A little-noticed change in federal mortgage rules would provide cheaper rates for home purchasers with riskier credit histories while forcing higher-credit homeowners to foot the bill.
Federally-backed home mortgage companies Fannie Mae and Freddie Mac will implement loan-level price adjustments (LLPAs) starting May 1 that will affect mortgages originated at commercial banks nationwide, from Wells Fargo to JPMorgan Chase, thereby changing the interest rates paid by the vast majority of homebuyers.
According to industry experts, the outcome is increased monthly mortgage payments for most purchasers – an unpleasant surprise for many who have worked for years to develop their credit only to face greater prices than expected as part of the US Federal Housing Finance Agency’s (FHFA) housing affordability campaign.
“It’s unprecedented,” added David Stevens, who served as Federal Housing Administration commissioner during the Obama administration. “My email is full from mortgage companies and CEOs [telling] me how unbelievably shocked they are by this move.”
LLPAs are upfront fees based on factors such as a borrower’s credit score and down payment size. Typically, the costs are turned into percentage points that affect the buyer’s mortgage rate.
The changes might complicate the already difficult mortgage application process and put more pressure on a crucial group of purchasers in a home market already in the grip of a catastrophic downturn, according to analysts. According to Freddie Mac data, the average 30-year mortgage rate was 6.27% last week, up from around 5% a year ago and more than twice as high as it was two years ago.
When factored into a long-term mortgage rate, the increase amounts to somewhat less than a quarter percentage point. According to Stevens’ estimates, a $400,000 loan with a 6% mortgage rate would result in a $40 monthly payment increase.
Meanwhile, purchasers with credit scores of 679 or lower will see their fees reduced, resulting in lower mortgage rates. When factored into the long-term mortgage rate, this amounts to a 0.4% to 0.5% savings.
A house buyer with a 740 FICO credit score and a 15% to 20% down payment will face a 1% surcharge under the current LLPA pricing structure, an increase of 0.750% above the previous fee of only 0.250%. On the other hand, a buyer with a 620 FICO credit score and a down payment of 5% or less, for example, receives a 1.75% fee savings, a reduction from the previous fee rate of 3.50% for that category.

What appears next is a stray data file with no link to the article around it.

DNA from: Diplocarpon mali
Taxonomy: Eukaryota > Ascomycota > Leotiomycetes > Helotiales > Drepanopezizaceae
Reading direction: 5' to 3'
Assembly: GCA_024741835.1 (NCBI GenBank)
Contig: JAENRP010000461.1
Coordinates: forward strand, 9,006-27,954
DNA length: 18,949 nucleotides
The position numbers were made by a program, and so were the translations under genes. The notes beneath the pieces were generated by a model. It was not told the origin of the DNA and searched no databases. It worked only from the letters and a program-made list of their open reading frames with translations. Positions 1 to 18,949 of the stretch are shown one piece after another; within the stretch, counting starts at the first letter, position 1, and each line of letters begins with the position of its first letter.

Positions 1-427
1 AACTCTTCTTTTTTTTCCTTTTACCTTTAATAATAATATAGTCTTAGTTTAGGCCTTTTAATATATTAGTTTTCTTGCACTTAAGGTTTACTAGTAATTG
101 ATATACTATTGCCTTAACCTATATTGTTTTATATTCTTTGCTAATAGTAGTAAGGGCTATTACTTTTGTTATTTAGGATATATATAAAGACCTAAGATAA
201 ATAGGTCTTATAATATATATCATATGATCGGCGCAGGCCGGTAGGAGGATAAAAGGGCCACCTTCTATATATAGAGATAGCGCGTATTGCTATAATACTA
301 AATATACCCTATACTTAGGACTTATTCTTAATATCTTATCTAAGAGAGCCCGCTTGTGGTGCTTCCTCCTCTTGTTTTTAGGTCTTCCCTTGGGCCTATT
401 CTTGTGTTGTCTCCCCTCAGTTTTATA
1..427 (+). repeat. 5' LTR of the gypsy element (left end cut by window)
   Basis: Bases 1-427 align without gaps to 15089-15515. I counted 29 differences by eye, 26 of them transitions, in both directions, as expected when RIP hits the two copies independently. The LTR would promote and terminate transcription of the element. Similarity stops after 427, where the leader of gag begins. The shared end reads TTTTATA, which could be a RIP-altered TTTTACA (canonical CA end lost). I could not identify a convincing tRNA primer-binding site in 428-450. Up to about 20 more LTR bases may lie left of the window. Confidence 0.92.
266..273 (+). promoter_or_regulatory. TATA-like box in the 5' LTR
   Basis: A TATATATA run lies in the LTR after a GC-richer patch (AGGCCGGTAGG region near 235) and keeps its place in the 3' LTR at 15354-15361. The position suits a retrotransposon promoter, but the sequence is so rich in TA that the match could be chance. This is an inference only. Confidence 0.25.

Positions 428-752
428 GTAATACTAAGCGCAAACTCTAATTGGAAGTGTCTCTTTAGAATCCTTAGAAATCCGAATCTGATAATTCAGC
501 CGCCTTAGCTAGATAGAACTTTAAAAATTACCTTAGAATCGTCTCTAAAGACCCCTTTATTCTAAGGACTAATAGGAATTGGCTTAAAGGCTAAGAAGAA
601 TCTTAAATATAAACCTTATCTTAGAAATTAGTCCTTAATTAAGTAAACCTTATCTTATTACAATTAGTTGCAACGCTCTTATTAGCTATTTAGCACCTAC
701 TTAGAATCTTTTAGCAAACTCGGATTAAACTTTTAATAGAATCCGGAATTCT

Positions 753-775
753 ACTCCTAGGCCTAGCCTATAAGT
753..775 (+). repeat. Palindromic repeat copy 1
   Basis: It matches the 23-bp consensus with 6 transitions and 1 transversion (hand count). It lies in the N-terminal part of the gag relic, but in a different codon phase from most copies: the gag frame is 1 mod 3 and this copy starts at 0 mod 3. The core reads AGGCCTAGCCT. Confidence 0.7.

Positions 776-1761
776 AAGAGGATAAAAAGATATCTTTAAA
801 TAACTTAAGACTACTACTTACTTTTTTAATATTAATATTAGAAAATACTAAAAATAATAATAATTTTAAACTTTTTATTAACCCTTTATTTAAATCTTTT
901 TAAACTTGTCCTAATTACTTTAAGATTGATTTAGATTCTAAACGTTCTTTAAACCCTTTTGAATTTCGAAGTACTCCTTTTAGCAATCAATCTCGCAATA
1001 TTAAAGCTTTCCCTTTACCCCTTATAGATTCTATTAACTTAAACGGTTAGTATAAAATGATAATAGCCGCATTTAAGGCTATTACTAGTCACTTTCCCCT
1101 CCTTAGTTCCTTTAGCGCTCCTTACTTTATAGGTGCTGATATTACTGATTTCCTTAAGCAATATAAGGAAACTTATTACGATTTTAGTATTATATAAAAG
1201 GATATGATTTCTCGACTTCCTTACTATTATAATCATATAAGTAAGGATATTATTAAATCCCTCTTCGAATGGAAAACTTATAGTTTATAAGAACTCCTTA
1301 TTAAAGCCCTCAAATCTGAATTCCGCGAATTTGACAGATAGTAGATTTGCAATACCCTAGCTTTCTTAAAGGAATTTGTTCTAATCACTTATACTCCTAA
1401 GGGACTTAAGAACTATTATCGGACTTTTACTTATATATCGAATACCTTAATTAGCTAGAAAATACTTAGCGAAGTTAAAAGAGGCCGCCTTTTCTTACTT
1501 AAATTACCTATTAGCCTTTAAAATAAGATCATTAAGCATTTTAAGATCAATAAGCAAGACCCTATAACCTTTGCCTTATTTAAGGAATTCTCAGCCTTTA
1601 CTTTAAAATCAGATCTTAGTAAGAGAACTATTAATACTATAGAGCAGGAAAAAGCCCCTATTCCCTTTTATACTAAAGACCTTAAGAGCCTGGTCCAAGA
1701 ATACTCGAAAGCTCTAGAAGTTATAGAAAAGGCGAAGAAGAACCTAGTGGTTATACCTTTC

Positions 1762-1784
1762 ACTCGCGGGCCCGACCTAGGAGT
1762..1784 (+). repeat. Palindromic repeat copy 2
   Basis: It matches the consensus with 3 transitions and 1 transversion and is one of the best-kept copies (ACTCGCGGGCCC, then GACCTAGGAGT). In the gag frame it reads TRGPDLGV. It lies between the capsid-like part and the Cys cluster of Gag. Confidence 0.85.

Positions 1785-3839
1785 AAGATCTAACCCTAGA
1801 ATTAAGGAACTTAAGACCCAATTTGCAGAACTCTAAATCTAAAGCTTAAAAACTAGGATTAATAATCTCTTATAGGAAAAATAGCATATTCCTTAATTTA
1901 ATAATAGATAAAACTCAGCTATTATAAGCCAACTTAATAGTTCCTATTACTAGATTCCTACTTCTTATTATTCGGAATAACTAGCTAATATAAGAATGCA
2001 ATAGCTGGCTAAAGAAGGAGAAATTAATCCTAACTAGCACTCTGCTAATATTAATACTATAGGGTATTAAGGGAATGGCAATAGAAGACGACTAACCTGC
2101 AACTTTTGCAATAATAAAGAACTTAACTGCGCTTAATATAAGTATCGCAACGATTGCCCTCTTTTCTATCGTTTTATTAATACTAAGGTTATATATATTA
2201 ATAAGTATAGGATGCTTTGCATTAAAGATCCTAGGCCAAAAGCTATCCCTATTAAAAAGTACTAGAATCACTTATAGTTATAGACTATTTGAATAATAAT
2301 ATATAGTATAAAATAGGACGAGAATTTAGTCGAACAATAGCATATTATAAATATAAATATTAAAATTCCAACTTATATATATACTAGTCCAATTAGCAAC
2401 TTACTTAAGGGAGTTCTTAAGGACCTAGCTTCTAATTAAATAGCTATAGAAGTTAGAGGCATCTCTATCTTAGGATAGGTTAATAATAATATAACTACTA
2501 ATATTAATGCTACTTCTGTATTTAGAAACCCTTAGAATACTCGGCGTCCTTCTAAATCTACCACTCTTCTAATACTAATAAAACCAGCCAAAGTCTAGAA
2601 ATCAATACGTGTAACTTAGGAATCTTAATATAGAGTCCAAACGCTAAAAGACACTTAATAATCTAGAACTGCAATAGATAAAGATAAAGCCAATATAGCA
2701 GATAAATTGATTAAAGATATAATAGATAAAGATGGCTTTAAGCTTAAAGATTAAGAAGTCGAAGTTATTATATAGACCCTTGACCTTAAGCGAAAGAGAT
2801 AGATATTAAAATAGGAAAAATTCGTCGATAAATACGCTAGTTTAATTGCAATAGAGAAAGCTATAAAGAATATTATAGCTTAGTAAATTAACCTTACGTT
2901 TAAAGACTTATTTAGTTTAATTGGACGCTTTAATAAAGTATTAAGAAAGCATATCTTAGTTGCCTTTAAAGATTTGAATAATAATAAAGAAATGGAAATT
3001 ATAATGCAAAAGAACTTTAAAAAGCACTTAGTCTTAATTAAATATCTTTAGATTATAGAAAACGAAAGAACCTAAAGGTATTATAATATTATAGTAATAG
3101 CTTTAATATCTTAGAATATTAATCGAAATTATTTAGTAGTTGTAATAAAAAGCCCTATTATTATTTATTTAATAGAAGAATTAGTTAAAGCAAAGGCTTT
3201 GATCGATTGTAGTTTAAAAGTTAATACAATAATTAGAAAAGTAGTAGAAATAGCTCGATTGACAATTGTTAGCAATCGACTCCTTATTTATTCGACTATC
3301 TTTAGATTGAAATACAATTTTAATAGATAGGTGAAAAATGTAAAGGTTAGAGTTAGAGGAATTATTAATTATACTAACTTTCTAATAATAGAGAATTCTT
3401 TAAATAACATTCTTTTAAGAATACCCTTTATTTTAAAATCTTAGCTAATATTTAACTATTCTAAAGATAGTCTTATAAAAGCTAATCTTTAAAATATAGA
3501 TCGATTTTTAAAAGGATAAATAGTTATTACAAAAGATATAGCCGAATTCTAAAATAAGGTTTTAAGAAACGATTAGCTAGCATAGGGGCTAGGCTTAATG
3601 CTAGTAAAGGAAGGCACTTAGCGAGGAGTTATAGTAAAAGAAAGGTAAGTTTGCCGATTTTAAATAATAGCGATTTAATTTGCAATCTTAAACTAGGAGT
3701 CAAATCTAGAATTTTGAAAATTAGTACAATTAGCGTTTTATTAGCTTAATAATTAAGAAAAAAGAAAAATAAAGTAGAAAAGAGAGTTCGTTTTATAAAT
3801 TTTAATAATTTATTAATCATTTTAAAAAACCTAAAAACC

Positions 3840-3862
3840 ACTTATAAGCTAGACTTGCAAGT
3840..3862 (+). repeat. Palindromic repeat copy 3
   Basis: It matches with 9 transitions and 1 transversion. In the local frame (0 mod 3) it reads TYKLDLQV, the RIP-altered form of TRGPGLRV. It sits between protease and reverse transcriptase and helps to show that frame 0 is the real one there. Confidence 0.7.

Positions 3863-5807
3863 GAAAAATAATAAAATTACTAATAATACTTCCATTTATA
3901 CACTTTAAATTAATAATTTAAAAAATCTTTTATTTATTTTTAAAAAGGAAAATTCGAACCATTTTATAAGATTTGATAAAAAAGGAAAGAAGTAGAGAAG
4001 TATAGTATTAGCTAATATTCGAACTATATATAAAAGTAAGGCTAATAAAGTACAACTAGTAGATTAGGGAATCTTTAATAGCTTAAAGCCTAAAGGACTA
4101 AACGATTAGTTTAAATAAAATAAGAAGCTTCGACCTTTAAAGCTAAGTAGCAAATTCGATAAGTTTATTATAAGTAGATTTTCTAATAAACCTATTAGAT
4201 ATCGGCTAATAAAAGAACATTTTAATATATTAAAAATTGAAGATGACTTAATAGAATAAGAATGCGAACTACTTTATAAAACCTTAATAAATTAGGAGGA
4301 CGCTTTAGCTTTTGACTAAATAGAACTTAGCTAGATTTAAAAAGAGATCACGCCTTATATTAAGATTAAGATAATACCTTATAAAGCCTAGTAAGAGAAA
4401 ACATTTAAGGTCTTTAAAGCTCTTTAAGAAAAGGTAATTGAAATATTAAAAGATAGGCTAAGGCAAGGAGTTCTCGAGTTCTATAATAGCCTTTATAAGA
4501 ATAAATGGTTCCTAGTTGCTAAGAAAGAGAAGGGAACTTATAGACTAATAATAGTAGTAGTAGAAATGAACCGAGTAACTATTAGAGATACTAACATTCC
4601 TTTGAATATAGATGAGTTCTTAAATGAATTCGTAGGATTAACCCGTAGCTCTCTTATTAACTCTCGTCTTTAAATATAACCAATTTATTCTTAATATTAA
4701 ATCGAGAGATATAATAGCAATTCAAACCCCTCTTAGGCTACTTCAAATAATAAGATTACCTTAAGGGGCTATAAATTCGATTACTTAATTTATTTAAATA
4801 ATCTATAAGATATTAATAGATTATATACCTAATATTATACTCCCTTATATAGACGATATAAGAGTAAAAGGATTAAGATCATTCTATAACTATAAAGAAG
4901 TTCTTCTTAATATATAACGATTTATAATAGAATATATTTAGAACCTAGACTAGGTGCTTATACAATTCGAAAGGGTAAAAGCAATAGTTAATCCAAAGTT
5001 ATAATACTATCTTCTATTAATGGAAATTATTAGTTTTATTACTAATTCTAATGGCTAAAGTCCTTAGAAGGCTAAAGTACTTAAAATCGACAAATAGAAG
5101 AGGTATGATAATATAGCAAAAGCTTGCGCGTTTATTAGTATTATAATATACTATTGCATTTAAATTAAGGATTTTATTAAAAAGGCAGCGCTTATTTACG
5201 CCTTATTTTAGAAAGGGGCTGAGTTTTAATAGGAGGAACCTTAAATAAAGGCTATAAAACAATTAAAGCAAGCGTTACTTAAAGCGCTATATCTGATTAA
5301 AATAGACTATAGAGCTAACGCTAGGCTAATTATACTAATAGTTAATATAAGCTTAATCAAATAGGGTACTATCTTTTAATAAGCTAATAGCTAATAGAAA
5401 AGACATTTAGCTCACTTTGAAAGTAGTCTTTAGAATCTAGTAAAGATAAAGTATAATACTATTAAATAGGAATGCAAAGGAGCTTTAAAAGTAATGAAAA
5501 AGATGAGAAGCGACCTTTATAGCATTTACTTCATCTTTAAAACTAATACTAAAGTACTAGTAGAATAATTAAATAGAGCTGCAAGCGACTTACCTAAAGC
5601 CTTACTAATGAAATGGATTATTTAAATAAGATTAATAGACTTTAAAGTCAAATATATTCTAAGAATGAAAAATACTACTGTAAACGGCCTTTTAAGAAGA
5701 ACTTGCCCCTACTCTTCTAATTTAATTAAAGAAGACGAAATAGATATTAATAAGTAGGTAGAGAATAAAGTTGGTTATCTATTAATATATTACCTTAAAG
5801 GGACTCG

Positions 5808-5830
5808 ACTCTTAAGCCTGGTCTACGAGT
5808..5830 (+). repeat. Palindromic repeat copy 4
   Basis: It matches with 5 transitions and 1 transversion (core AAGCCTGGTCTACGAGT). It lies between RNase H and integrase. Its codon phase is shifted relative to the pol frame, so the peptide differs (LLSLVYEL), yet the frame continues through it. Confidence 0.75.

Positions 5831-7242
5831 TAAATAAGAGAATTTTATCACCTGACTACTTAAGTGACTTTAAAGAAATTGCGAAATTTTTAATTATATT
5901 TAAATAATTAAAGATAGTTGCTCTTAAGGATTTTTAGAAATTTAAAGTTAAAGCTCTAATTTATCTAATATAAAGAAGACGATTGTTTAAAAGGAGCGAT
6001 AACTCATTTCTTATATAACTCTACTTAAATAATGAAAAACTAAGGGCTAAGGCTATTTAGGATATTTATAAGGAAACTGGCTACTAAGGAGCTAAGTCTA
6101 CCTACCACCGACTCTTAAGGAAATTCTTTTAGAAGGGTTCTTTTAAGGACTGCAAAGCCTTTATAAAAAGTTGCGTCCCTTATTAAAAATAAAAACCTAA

When asked if the changes will hurt high-credit buyers, an FHFA official told The Washington Post that the agency is “tasked with ensuring [Fannie and Freddie] fulfill their role in any market condition,” adding that changes in long-term mortgage rates are a far bigger factor in determining finance conditions in the US housing market.
“The latest recalibration to the pricing framework that FHFA announced in January 2023 is minimal, by comparison, and maintains market stability,” the FHFA official said in a statement.
Overall, lower-credit buyers will continue to pay more in LLPA costs than high-credit buyers, but the recent amendments will narrow the gap.
The new pricing matrix also includes the contentious addition of a new tax for buyers with debt-to-income ratios pf more than 40% — a complicated policy that prompted quick criticism from the Mortgage Bankers Association and other industry groups, who said it would be impossible to administer.
Following the backlash, the FHFA stated last month that the debt-to-income fee will be delayed until at least Aug. 1 to “ensure a level playing field for all lenders to have sufficient time to deploy the fee.”
The cost structure modifications are the latest in a series of steps taken by the FHFA to increase affordability for “mission borrowers,” who are defined as first-time purchasers, low-income borrowers, and applicants from underserved neighborhoods.
The FHFA abolished upfront costs for first-time purchasers who earn at or below 100% of their area’s median income, or 120% in “high cost” areas, last year, but increased upfront fees on second homes and other bigger mortgage loans.
Information for this briefing was found via New York Post and the sources mentioned. The author has no securities or affiliations related to this organization. Not a recommendation to buy or sell. Always do additional research and consult a professional before purchasing a security. The author holds no licenses.